Albelda to Aimar to Baraja back to Aimar. It was a classic show and tell. A football illusion. Sleight of foot, not hand, at Mestalla on September 17, 2002.
Liverpool had been lulled into thinking Valencia were planning an attack either down the middle or the left-hand side of the penalty area. David Albelda had received the ball in a central position from Curro Torres out-wide on the right. He played it into Pablo Aimar’s feet on the edge of the box, who spun Didi Hamann after making what looked like the return pass back inside for a one-two with Albelda.
The con was now on, because Hamann had fallen for it. He had taken the bait, hook, line and sinker, leaving Aimar to follow Albelda’s run only for Ruben Baraja to ghost into their path and play the ball back from whence Hamann had come. The trap had been sprung. Aimar was through, all on his own, and made no mistake, poking a shot beyond goalkeeper Jerzy Dudek.
That goal was a decade old this year. It was the opener in a 2-0 win over Liverpool. A month or so later Valencia went to Anfield and recorded a famous 1-0 victory. Those performances in the group stages of the Champions League are believed to have played a significant role in getting Rafa Benitez the Liverpool job in 2004. They may, in part, have also led to his appointment at Chelsea this week.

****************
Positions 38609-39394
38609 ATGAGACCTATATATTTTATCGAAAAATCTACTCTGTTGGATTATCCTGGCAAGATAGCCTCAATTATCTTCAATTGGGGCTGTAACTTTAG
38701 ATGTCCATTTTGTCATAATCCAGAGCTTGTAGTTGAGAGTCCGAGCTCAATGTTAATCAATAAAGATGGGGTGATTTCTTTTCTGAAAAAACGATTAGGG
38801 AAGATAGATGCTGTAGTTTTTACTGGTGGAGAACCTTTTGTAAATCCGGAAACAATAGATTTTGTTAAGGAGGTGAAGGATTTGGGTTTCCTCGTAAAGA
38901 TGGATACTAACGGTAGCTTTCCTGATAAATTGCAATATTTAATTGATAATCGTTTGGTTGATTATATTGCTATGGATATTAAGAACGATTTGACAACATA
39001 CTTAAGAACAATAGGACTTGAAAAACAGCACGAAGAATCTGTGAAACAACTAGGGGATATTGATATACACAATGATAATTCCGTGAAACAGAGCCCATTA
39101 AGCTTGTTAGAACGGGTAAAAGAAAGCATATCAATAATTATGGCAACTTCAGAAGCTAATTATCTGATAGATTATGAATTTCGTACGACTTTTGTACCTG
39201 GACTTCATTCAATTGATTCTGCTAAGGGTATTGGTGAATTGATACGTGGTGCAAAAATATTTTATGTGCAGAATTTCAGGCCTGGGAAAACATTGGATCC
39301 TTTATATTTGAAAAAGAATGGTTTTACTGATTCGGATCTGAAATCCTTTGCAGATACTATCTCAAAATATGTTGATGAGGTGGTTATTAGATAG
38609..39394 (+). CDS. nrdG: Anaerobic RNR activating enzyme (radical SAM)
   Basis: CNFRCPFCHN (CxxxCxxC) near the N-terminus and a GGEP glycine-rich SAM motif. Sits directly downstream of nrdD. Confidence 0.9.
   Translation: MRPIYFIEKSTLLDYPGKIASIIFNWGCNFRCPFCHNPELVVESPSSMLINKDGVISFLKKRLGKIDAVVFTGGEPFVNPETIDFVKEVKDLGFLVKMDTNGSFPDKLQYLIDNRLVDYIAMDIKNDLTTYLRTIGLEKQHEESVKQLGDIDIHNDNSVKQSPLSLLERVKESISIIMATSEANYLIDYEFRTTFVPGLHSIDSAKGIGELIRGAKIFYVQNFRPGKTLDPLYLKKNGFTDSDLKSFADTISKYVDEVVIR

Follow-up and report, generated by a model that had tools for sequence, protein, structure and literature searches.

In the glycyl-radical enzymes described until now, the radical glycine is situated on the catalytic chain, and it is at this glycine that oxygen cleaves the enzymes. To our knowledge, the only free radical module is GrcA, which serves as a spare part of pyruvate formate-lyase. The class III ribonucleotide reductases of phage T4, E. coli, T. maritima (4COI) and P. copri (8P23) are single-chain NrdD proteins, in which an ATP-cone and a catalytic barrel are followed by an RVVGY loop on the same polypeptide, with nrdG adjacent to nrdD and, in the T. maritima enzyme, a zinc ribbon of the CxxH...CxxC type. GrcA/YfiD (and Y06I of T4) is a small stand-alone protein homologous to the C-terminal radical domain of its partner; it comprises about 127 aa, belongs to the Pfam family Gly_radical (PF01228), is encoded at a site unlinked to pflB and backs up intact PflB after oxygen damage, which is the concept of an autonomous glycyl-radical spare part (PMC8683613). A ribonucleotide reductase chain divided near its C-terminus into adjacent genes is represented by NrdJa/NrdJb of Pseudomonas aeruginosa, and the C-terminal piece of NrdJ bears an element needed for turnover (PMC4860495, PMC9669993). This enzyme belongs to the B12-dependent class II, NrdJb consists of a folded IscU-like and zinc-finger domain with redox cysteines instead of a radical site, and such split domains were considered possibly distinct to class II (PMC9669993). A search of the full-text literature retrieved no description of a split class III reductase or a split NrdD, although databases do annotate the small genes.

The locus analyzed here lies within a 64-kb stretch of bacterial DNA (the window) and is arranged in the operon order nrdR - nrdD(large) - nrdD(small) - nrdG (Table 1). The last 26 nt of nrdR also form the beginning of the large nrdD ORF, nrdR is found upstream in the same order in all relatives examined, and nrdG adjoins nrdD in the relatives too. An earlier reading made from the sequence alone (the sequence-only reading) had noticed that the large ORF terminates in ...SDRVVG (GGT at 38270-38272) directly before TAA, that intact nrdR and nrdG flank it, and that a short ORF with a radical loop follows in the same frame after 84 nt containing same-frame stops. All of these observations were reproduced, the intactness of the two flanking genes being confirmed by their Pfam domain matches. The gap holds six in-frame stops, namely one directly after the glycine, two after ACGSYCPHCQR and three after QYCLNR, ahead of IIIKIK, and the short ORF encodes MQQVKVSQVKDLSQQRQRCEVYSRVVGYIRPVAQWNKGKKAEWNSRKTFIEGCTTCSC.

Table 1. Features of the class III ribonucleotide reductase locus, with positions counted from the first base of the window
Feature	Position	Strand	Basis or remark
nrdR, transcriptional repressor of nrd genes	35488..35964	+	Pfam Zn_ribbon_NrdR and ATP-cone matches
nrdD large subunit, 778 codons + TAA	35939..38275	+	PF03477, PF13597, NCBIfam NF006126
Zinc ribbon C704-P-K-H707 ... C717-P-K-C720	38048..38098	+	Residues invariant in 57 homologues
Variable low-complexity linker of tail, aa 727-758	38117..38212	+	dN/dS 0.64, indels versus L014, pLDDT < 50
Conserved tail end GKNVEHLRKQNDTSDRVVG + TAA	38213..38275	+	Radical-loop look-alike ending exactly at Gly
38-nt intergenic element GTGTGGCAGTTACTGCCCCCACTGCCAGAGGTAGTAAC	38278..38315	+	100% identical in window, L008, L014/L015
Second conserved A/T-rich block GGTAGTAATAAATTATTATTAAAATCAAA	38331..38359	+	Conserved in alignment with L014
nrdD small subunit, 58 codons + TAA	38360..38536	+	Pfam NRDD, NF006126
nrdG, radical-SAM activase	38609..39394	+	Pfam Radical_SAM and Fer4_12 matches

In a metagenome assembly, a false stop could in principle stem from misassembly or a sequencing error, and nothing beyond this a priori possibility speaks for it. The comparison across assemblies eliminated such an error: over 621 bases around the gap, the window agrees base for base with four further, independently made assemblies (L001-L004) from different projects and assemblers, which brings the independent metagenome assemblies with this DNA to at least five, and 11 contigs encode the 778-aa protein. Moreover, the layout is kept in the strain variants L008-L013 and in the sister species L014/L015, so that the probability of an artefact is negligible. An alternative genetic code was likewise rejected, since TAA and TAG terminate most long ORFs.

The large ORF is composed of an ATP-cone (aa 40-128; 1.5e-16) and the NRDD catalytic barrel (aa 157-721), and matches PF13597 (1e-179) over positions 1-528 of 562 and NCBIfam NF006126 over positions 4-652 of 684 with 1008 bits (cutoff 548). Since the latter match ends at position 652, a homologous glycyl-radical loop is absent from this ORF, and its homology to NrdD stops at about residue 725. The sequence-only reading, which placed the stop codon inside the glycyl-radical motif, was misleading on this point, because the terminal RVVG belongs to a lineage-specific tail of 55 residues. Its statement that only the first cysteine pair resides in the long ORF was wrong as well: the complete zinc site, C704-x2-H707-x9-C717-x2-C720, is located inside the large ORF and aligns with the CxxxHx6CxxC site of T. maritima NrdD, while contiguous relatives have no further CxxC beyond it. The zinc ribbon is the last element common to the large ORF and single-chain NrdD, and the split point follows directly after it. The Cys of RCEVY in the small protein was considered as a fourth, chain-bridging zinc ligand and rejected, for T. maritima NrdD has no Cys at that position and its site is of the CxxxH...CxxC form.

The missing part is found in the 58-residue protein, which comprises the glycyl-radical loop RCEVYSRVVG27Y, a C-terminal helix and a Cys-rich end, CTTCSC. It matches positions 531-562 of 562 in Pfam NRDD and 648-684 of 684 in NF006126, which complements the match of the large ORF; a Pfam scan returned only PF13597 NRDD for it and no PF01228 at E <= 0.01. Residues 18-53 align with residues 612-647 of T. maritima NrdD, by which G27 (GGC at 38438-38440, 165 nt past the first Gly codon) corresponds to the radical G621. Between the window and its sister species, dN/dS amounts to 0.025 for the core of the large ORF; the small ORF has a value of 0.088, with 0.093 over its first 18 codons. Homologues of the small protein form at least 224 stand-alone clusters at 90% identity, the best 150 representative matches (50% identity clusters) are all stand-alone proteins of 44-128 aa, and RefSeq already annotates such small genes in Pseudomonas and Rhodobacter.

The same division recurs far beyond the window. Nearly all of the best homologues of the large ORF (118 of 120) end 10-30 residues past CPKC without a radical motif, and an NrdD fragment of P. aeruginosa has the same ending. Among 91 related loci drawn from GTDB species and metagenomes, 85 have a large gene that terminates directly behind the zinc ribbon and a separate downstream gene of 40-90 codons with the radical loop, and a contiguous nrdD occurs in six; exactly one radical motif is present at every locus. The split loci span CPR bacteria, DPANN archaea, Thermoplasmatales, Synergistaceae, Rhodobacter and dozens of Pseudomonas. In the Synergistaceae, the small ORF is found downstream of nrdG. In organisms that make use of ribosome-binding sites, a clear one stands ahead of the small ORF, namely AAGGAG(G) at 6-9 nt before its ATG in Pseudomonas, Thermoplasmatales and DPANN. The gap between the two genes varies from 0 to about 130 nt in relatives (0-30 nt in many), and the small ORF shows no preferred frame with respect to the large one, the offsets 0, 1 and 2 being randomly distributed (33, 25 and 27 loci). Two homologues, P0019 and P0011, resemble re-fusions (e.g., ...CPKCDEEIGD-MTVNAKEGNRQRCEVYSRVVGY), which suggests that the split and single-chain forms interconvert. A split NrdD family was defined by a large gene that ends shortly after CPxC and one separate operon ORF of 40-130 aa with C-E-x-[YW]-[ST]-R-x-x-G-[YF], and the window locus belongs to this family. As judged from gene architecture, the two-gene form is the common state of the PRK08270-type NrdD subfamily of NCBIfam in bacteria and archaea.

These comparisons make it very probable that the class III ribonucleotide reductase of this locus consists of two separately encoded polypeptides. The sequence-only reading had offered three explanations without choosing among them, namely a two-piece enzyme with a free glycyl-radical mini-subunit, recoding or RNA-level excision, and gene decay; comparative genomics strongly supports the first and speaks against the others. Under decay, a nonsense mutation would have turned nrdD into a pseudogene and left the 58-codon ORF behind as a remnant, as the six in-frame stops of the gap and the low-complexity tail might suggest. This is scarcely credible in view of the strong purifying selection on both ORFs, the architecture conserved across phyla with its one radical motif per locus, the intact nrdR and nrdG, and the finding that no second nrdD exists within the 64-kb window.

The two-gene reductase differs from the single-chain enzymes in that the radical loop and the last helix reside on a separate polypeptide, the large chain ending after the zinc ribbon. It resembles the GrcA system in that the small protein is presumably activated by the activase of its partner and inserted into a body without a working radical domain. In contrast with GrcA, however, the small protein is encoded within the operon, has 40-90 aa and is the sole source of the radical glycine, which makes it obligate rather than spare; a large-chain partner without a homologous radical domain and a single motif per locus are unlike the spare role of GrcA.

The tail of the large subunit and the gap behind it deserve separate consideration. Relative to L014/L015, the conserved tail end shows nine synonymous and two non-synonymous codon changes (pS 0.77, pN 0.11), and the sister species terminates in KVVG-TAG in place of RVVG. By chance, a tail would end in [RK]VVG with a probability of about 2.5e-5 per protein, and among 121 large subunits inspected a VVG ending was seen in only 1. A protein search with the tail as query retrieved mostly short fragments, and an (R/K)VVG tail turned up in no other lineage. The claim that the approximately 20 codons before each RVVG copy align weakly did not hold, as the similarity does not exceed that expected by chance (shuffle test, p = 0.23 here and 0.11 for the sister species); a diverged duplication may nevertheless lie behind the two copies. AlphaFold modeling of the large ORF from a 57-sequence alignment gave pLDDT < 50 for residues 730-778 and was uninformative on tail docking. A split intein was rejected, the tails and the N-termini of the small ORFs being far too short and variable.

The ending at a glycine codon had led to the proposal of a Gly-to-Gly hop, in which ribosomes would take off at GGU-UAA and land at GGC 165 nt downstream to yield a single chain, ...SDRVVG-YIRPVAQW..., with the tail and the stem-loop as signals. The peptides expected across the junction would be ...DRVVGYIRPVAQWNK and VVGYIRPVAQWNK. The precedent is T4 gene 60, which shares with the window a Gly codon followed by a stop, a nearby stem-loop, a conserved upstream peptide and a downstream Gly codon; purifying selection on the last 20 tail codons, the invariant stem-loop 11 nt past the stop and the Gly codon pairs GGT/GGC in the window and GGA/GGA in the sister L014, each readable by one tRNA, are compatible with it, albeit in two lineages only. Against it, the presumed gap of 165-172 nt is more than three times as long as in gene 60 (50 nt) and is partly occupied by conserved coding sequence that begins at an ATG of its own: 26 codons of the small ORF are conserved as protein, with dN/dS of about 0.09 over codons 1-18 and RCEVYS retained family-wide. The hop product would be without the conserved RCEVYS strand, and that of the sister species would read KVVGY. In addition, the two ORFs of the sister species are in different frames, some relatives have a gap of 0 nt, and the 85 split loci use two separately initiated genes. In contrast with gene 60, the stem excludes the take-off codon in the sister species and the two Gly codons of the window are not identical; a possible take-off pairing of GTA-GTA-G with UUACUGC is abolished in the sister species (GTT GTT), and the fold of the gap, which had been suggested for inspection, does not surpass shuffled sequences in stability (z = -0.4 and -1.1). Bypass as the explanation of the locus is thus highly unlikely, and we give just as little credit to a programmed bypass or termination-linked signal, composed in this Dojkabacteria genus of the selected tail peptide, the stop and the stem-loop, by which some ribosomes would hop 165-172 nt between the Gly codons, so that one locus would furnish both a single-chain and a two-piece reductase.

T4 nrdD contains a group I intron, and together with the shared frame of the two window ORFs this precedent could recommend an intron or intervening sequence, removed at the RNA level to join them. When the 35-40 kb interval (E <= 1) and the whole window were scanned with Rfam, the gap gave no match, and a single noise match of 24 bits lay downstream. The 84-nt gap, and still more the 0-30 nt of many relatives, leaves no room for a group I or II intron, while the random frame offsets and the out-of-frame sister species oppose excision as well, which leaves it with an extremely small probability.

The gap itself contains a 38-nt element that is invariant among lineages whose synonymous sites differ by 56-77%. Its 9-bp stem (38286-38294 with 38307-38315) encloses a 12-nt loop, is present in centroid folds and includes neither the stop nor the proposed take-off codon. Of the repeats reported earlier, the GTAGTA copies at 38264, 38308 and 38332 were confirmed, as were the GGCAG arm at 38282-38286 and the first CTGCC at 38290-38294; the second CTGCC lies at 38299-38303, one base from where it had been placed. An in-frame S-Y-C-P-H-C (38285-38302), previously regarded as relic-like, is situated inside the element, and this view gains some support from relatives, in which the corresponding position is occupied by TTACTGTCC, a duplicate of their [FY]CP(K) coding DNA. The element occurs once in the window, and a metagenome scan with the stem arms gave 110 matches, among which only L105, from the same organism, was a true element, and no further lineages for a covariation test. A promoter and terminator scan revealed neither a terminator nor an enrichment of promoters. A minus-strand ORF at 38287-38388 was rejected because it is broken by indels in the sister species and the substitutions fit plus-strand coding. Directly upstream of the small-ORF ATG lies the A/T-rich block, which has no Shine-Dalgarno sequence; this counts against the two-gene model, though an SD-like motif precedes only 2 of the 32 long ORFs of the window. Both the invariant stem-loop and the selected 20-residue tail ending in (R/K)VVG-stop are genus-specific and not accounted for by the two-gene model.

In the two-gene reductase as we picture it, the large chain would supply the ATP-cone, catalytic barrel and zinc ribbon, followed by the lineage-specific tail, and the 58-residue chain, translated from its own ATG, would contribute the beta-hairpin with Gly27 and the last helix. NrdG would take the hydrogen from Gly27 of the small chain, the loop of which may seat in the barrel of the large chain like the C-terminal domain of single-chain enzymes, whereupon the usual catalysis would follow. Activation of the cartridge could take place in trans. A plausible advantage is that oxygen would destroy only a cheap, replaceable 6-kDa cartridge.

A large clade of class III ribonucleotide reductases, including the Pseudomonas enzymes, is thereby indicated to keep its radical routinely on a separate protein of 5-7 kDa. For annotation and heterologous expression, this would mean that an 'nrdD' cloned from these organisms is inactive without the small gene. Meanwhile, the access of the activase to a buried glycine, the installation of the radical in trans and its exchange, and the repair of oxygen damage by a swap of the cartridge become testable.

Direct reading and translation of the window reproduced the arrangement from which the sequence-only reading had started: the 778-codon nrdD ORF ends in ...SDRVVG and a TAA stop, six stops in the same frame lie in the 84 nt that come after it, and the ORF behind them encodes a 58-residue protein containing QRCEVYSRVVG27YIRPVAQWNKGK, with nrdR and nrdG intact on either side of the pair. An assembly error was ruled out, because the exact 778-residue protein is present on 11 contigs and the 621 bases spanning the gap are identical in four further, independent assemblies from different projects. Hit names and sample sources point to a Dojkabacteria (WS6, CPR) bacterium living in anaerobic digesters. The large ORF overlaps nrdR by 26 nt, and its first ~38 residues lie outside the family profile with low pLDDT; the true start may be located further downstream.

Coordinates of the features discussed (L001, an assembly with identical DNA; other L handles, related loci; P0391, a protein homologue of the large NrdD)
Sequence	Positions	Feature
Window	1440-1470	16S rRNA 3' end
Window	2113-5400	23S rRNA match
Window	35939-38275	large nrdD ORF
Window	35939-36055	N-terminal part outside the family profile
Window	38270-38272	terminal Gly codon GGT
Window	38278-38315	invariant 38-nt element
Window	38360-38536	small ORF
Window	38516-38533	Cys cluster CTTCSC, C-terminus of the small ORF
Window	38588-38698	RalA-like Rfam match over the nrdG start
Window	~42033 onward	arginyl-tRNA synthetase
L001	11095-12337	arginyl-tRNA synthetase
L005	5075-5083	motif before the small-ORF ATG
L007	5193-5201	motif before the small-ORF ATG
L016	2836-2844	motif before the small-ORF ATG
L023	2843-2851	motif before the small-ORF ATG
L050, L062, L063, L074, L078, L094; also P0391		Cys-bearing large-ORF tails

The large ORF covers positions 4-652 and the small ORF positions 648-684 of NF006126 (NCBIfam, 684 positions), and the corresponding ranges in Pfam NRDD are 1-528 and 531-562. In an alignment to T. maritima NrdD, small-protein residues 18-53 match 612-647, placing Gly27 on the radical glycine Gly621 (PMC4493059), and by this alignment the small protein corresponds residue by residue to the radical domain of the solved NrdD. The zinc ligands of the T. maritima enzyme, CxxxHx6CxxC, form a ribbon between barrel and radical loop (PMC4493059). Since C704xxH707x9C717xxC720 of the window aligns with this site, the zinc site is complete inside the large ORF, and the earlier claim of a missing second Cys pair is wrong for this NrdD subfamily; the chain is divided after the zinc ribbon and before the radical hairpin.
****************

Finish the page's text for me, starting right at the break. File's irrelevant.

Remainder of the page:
There were a number of intriguing story-lines to emerge from Benitez's first press conference in the Bobby Tambling suite at Stamford Bridge on Thursday evening. Much was made of the short-term basis of his contract, his title as "interim" manager and how he intended to win over a number of supporters who opposed the replacement of Roberto Di Matteo with him because of the rivalry between Chelsea and Liverpool in the mid-2000s.
Perhaps the most startling revelation to come out of it all, however, was that before the press conference, Benitez had yet to speak to Abramovich. He was due to meet him only later that day "to talk about football." That struck many as quite strange. Wouldn't the owner want to know what Benitez's plans were for Chelsea before he brought him in? Perhaps, he already knew after approaching him following the dismissal of Andre Villas-Boas in March?